FIG. 3 shows a configuration that is used to read the index marks on a disc. A disc 300 is placed on a plate 310, which can be a rotating vacuum chuck. Plate 310 is driven by a motor 340 through axle 320. Motor 340 can be a servomotor, and is controlled by controller 360 through electrical connector 350. Controller 360 can include a microprocessor, microcontroller, or digital signal processor under software control, or dedicated hardware. Controller 360 is also coupled to a sensor 370 through electrical connector 380. Sensor 370 preferably includes a wave sensor, such as a photoelectric diode or array of such diodes. In either case, sensor 370 can also be controllingly positionable, preferably by controller 360. The wave supply (not shown), such as an LED, laser or other light source, or other source that can be reflected and detected, is provided separately from sensor 370. Of course both the wave supply and wave sensor can be provided in sensor 370.

In addition, the wave source can project a wide beam onto a disc, or can be split to provide several beam spots on the disc. Multiple wave sensors can then be used to detect reflections from different portions of the disc. To illustrate, a wide or split beam can be used to illuminate at least two index marks of a pattern. Detection of each mark can be at least almost simultaneous to each other. Furthermore, such a configuration can provide a redundant detection.

Alternatively, the wave sensor can be an optical or digital camera. In this case, the camera acquires an image of an area of the disc (or the whole disc). Then image processing software uses standard routines to detect the index marks (edge-finding, blob finding, etc.). The disc does not have to rotate during the index mark location routine if a camera is used.

In operation, disc 300 is supported on plate 310 and sensor 370 is position to receive a reflection from disc 300 at the radius of the index marks. Disc 300 is rotated by motor 340 while sensor 370 is monitored by controller 360. Controller 360 records a motor encoder position corresponding to each index mark that is sensed by sensor 370. Preferably, the encoder position corresponding to the next index mark is subtracted from the encoder position corresponding to the previous index mark. The difference is then compared to the expected spacing between the index marks. In the case where disc 300 has a pattern like that shown in FIG. 1, when the three index marks are detected, motor 340 stops rotating disc 300. The motor encoder position corresponding to the center index mark is identified as the reference, or 0°, position. Once that reference position is established, disc 300 can be precisely and accurately rotated to another position, if desired. Using three marks instead of less marks prevents false detection of other non-index marks that may be on disc 300.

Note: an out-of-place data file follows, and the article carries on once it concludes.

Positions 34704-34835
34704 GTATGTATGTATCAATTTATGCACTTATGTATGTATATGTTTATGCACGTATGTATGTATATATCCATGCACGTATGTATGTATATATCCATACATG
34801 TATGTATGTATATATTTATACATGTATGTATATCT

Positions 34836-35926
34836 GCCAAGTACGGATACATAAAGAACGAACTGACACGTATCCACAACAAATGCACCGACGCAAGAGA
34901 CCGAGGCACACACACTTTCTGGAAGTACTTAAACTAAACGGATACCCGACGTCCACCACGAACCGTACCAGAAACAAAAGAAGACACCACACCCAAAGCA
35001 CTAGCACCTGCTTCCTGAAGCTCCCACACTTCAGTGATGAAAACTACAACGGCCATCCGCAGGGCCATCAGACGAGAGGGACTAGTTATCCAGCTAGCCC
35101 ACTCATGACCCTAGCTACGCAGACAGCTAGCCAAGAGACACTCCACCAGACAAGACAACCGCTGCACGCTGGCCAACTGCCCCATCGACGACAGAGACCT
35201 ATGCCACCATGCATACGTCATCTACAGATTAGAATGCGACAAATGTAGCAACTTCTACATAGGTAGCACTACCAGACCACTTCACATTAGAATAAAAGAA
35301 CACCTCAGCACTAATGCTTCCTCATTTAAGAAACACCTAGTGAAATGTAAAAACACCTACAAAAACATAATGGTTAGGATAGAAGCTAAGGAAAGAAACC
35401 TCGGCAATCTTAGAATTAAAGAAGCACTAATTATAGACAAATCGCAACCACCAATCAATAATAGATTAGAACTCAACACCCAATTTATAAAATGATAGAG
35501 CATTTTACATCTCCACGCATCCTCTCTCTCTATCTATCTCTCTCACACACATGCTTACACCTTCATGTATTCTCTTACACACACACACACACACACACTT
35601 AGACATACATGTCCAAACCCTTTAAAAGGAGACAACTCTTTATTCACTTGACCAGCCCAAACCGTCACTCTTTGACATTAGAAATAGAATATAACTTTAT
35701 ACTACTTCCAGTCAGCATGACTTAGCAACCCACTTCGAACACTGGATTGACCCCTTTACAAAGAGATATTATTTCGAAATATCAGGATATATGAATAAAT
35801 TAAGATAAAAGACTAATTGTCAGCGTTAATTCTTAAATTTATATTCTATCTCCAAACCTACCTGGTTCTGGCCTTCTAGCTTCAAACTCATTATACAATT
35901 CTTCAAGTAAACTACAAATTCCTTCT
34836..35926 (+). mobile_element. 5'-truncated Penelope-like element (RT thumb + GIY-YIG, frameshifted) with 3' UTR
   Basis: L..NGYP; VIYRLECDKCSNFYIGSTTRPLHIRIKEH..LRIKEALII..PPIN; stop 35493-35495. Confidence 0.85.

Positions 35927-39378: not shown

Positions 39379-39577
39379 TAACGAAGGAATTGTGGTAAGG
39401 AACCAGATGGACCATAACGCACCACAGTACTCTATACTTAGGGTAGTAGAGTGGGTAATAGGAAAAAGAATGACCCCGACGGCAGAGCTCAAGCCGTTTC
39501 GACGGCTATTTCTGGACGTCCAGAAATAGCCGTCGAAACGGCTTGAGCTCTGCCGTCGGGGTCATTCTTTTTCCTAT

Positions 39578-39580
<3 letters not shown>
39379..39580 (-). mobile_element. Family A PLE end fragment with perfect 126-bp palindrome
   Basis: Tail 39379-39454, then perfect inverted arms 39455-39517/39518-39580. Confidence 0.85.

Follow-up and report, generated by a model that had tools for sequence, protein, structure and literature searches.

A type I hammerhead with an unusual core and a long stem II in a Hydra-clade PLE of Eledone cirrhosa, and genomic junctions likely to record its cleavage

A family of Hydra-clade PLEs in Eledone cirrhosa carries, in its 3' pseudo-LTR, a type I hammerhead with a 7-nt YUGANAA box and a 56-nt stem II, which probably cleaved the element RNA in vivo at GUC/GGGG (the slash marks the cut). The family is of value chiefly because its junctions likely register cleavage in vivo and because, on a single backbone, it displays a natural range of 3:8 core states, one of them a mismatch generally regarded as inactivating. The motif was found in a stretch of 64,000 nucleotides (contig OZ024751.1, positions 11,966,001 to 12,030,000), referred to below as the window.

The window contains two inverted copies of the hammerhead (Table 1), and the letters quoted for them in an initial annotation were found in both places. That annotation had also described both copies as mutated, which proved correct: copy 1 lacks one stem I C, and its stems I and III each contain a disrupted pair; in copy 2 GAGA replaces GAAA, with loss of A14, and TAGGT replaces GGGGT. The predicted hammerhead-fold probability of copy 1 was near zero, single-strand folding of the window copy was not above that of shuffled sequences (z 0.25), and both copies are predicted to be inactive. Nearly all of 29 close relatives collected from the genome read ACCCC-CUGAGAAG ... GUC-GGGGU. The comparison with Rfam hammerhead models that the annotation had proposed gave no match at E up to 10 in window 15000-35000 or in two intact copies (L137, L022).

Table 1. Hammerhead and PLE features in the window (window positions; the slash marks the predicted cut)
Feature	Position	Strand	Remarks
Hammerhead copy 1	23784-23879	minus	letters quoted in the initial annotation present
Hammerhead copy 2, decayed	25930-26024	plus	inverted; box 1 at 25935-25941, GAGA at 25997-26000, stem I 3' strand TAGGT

The configuration in FIG. 3 can be incorporated into a disc stacking machine. The disc stacking machine stacks the aligned discs for a servo track writer. The configuration can also be used to align discs that already have servo information written and are to be put into a disc drive assembly.

Although the present invention is described with one and three index marks, other numbers may be used. The index marks can be placed anywhere on the disc, including the outer diameter and the edge (as opposed to the top and bottom surfaces of the disc). Index marks can be made besides laser etching, such as chemical etching, abrasion and ink. The index marks can be raised above or lowered below the surface of the disc, or at the same level of the disc surface.

Different appearances of the index marks can be used as identifiers. For example, the arrow head index mark 230 shown in FIG. 2 can be used to identify one side of disc 200 while another index mark having a distinguishable appearance from index mark 230 can be used to identify the other side of disc 200. In addition, several patterns can be used as identifiers. The patterns can have components with the same shape, and the same or different dimensions; at least two components with different shapes; a different number of components; and different spacing between components.